OpenADR — the Berkeley Labs open source system for automating the way utilities do demand response — is already being used to control some 70 megawatts of capacity for big industrial and commercial customers of California’s biggest utilities. Could it expand its reach into homes and small businesses? Mary Ann Piette, research director at Berkeley Labs’ Demand Response Research Center, believes it can and mentioned a list of interested parties on Wednesday during a California Public Utilities Commission workshop in San Francisco.
Energy management startup Tendril Networks has been involved in testing out the possibility of bringing OpenADR, which stands for Open Automated Demand Response, to residential. Sacramento’s utility, the Sacramento Municipal Utility District, has tested OpenADR in small business HVAC systems in a way that might offer an analog to connecting home thermostats. Pacific Gas & Electric has also been mulling a test of OpenADR over its smart meter networks, Piette said. (We reached out to PG&E for more details and we’re waiting to hear back).
Google isn’t on that list yet, but it might well be interested, Piette said. Google has asked the CPUC to set deadlines for California’s big utilities to give their customers real time energy usage and price data from smart meters. But those utilities point to various technical challenges to meeting those deadlines. Piette said that OpenADR could help utilities deliver that type of real-time pricing data in the way that Google has requested.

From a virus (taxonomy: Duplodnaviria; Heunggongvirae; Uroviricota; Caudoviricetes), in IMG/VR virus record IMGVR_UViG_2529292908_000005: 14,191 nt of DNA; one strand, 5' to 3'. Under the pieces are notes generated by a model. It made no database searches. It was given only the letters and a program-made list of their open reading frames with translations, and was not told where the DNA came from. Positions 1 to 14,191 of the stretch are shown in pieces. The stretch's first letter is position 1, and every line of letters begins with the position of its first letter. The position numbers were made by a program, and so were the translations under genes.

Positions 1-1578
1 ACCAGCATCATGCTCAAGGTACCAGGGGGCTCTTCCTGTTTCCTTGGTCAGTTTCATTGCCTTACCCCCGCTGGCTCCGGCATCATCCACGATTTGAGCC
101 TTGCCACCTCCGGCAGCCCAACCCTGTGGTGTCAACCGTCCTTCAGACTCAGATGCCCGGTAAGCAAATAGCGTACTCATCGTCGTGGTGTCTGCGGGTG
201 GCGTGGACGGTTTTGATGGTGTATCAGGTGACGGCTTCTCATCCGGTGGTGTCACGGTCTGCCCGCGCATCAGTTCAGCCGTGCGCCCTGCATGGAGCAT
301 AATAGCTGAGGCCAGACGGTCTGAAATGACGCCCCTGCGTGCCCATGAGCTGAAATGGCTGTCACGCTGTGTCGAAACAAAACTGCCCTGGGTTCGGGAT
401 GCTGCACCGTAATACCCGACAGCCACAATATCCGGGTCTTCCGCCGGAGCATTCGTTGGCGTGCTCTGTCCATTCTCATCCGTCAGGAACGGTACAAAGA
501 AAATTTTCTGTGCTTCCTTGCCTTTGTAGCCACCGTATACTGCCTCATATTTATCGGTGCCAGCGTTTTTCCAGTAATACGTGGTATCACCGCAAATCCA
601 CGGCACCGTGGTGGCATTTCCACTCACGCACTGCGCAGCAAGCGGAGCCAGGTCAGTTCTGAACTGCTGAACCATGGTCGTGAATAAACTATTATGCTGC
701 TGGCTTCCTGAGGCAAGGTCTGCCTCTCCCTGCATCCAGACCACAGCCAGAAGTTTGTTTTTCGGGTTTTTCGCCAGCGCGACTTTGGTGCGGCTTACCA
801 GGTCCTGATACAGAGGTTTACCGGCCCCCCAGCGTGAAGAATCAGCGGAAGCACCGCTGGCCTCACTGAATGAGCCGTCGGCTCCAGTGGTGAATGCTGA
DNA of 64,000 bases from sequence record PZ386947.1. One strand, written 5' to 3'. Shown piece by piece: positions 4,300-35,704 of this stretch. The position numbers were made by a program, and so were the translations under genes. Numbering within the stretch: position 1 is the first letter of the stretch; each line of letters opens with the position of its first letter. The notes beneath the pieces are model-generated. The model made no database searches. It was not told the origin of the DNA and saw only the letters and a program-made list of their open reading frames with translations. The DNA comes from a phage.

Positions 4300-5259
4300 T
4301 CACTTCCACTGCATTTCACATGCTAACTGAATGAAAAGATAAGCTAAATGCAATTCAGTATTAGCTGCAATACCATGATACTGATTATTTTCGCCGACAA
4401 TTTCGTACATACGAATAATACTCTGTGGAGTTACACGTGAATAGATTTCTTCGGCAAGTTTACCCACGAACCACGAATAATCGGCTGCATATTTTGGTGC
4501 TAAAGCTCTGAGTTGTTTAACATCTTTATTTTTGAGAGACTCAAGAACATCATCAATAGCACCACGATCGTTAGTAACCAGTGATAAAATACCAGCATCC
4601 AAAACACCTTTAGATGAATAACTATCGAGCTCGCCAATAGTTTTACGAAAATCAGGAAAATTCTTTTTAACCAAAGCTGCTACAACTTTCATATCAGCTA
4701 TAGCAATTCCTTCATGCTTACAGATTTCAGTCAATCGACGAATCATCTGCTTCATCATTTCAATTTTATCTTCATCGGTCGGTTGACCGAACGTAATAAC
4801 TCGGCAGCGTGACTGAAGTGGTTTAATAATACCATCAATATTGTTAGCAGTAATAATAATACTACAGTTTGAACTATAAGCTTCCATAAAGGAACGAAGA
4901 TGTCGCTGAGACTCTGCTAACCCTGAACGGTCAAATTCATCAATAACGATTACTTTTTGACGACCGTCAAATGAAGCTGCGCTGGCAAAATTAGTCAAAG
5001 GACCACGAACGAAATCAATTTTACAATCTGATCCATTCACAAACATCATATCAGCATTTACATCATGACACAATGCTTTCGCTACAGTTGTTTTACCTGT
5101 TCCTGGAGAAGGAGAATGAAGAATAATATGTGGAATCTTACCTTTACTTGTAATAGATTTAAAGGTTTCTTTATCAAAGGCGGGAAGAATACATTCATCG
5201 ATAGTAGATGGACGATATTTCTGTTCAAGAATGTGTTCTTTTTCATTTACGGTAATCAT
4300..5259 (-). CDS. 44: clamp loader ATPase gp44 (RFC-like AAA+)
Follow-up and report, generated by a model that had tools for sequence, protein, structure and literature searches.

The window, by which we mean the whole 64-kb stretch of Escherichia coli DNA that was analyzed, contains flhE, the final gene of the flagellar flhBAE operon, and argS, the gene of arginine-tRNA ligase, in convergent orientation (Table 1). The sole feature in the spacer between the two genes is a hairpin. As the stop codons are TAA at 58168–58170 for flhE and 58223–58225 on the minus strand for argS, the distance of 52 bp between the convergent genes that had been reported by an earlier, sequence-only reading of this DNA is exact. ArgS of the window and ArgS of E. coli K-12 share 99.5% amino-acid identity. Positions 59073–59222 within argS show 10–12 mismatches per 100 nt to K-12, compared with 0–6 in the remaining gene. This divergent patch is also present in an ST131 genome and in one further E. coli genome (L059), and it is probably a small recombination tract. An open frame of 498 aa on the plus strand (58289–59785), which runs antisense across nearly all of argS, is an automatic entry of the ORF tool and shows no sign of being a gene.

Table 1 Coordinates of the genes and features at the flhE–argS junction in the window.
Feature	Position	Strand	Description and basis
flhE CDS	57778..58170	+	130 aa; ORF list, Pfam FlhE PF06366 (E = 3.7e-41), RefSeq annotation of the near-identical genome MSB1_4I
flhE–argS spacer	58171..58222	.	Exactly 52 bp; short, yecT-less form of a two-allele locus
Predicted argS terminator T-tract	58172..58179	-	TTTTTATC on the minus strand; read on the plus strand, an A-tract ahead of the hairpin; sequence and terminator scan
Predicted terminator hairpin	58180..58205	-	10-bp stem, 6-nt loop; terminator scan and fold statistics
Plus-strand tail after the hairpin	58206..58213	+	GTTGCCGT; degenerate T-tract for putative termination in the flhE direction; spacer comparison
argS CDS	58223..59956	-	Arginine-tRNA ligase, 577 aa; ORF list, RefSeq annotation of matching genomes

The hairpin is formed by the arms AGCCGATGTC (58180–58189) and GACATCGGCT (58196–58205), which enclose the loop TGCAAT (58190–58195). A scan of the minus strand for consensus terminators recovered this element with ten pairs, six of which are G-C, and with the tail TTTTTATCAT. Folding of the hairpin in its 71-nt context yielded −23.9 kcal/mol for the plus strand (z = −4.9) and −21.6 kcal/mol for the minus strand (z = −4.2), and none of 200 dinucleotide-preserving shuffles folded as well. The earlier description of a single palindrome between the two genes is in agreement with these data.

OpenADR vs. Next-Gen ZigBee
ZigBee is the leading wireless standard for home energy management, but OpenADR has some strong points for the residential market, too. OpenADR combines pricing information with the demand response signals that it transmits to utilities using a variety of networks. That’s the same kind of functionality that ZigBee is promising with its next version of its Smart Energy Profile for home area networks. But while the next generation of ZigBee’s energy profile is still in development, OpenADR has been successfully running demand response events in California since 2005, and is set to reach some 150 megawatts of capacity by next year, Piette noted. “It is commercialized, it is being used, and it is performing very well,” she said.
Most utilities seem to prefer to embrace the next-generation of ZigBee’s energy profile. Paul De Martini, Southern California Edison’s vice president of advanced technology, said at Wednesday’s workshop that next-gen ZigBee energy is being built specifically to link smart meters and homes, which would make it the preferred technology choice for in-home energy management. ZigBee also has about 340 companies around the world working with it, and just this week the Wi-Fi Alliance said it would work with the ZigBee Alliance on the standard, expanding the potential range of wireless technologies that could implement it. “That’s why we think it’s the way to go in the residential space,” he said.